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Tuesday, September 23, 2008

10-Step Guide to Buying a Used Laptop That Works

Buying second-hand products is always green, but it’s easy to be discouraged by the stories of broken laptops from eBay or Craigslist. To quell these fears, here is a 10-step checklist on how to avoid high-tech lemons.


Most wouldn’t flinch at the idea of buying a used car, but the thought of a used computer sends them squirming. The tech industry tries their hardest to keep it that way: they advertise new products in such a way to render the previous models perceptually obsolete; they block even the simplest hardware upgrades; and they sell bottom-of-the-line models that simply break within a couple years.

Step 1: The Decision

Decide what computer you want and then change your mind. Like most people, you probably dream of the newest, hottest thing on the marketmaybe a Macbook Air or Dell’s new Studio Hybrid? No. Instead, check out some of the best computers from last year or earlier this year. These are the laptops you should choose from in the used marketand generally, they’ll perform the same tasks that this year’s models do. As an added bonus, you can try to find a computer from 2007 with Windows XP installed instead of Vista!

Step 2: Where to Buy

Determine where you will buy your computer. There are four options: eBay, Craigslist, local dealers, and straight from the manufacturer. Buying refurbished models from the manufacturer or a local dealer is often more expensive, but they’ll come with attached warranties that will calm your worried hearts. The remaining two options are a bit trickier, but also cheaper. If you plan to use eBay, make sure to find a seller with no less than 100% feedback rating. If the computer arrives broken, a seller with a flawless rating will happily allow a return in order to prevent negative feedbackthat’s the beauty of eBay. For a Craigslist exchange, make sure to arrange a public meeting spot like a coffee shop where you can inspect the computer fully before purchasing.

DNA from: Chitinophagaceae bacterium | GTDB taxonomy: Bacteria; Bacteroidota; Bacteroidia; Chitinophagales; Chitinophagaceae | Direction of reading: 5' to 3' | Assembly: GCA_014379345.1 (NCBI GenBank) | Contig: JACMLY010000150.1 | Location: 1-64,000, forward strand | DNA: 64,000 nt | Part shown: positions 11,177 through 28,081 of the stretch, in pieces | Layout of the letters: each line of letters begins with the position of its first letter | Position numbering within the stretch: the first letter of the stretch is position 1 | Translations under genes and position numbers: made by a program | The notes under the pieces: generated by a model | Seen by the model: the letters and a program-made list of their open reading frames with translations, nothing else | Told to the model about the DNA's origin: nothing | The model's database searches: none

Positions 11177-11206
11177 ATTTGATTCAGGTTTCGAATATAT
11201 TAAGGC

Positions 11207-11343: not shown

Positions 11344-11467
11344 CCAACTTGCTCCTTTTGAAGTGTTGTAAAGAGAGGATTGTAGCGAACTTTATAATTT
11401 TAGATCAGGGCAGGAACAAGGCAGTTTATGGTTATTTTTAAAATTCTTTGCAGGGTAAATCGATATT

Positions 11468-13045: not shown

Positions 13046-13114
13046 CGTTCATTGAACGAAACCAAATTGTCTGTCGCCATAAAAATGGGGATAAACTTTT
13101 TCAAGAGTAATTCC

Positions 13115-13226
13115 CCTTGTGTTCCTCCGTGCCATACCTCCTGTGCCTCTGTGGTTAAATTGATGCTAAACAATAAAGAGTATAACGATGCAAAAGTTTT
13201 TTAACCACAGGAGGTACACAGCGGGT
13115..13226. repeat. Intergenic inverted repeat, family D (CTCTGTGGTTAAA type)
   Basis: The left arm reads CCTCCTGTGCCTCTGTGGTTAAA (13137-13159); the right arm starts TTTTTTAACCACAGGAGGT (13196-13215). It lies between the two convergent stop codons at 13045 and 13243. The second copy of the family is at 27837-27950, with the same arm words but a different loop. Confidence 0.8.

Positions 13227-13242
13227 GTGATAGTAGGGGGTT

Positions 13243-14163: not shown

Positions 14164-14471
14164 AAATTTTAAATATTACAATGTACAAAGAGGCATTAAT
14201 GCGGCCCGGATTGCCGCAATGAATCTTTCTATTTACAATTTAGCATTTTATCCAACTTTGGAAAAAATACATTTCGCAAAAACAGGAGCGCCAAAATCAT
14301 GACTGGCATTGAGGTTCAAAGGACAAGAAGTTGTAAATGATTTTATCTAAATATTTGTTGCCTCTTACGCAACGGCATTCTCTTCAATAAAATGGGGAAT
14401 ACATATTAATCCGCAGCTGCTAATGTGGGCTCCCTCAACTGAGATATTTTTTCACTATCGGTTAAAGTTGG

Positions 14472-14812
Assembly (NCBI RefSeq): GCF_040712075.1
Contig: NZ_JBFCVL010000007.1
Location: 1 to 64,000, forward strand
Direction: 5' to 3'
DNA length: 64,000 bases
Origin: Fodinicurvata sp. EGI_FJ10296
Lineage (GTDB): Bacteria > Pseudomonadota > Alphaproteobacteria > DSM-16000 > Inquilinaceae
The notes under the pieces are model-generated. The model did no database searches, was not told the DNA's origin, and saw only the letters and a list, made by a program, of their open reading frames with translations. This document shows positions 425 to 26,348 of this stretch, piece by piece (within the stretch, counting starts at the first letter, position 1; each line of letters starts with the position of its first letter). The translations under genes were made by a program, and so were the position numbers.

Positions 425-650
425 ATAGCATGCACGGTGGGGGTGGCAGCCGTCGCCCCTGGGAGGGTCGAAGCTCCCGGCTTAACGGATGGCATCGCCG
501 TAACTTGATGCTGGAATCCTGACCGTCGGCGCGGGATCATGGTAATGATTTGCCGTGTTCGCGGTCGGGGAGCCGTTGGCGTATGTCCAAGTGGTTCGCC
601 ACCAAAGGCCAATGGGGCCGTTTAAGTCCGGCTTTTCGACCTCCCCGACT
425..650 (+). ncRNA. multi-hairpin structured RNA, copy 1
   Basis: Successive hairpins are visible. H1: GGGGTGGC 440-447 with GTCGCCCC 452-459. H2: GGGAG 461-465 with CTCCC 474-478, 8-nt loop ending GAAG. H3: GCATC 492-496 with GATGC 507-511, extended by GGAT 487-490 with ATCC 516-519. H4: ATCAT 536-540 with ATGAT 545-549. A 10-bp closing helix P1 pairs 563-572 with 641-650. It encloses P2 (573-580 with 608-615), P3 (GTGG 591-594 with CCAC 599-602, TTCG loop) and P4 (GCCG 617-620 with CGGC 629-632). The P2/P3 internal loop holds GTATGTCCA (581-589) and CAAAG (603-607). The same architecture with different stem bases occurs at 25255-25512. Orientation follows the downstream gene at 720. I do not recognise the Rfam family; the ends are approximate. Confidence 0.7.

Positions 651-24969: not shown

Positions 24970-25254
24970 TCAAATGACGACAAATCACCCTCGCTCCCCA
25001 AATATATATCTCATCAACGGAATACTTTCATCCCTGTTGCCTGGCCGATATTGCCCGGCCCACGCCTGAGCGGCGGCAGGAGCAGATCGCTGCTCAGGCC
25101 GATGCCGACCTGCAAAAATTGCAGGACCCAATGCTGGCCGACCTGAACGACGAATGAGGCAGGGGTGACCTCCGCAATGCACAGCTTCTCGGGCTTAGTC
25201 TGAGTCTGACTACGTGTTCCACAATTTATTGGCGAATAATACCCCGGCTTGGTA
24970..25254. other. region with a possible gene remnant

Step 3: Cracks and Imperfections

Now you need to check for damage. First check for cosmetic issuesand then realize that it doesn’t matter whatsoever. As long as the computer still works, that little chip on the bottom corner will not be a problem. But if you’d like, you can try to get a few bucks knocked off the price because of it.

Step 4: No Purple Haze

One of the most expensive things to replace on a laptop is the screen. Check for any purple or pink discoloration, and if you find any, send the computer back. It’s not worth the hassle or cost of repairs.

Step 5: Testing the Inputs

Check all plugs, sockets, and wireless connections like Bluetooth and Wi-Fi. Many of these are attached to the motherboard, which is costly to replace. If one USB port is broken and you can live with the other three, then do it. If the headphone jack is broken but you have Bluetooth headphones anyway, then rejoice.

Step 6: Check for a Faulty Hard Drive.

Test the hard drive(s) for errors and remember that replacement drives are generally cheap.

Step 7: Check for a Faulty CD Drive

Try burning all types of media that the drive should supportCD-R, CD-RW, DVD-R, DVD+R DL, etc.

Step 8: Test the Battery Life

Read as many of my posts on Green Options as you can until the computer’s battery dies. If goes out too fast, try to get the seller to discount the price to make up for the cost of a replacement battery, which can often carry a big price tag.

Step 9: Seek Help

If you don’t want to do all these tests yourself or you want an expert opinion, most repair places would not charge more than $80 for a complete diagnostic check-up. When your used computer cost less than half the original retail price, $80 isn’t much.

Step 10: Wrap it up

For eBay buyers, don’t leave feedback until you’ve checked everything out. If there are any major problems, do not be afraid to return the computer.

Don’t get frustrated if everything isn’t perfect right from the start. Remember that people have problems with their brand new computers pretty often as well. Even if you have to fork up some money for small repairs or upgrades, rest assured that your decision was environmentally and economically sound.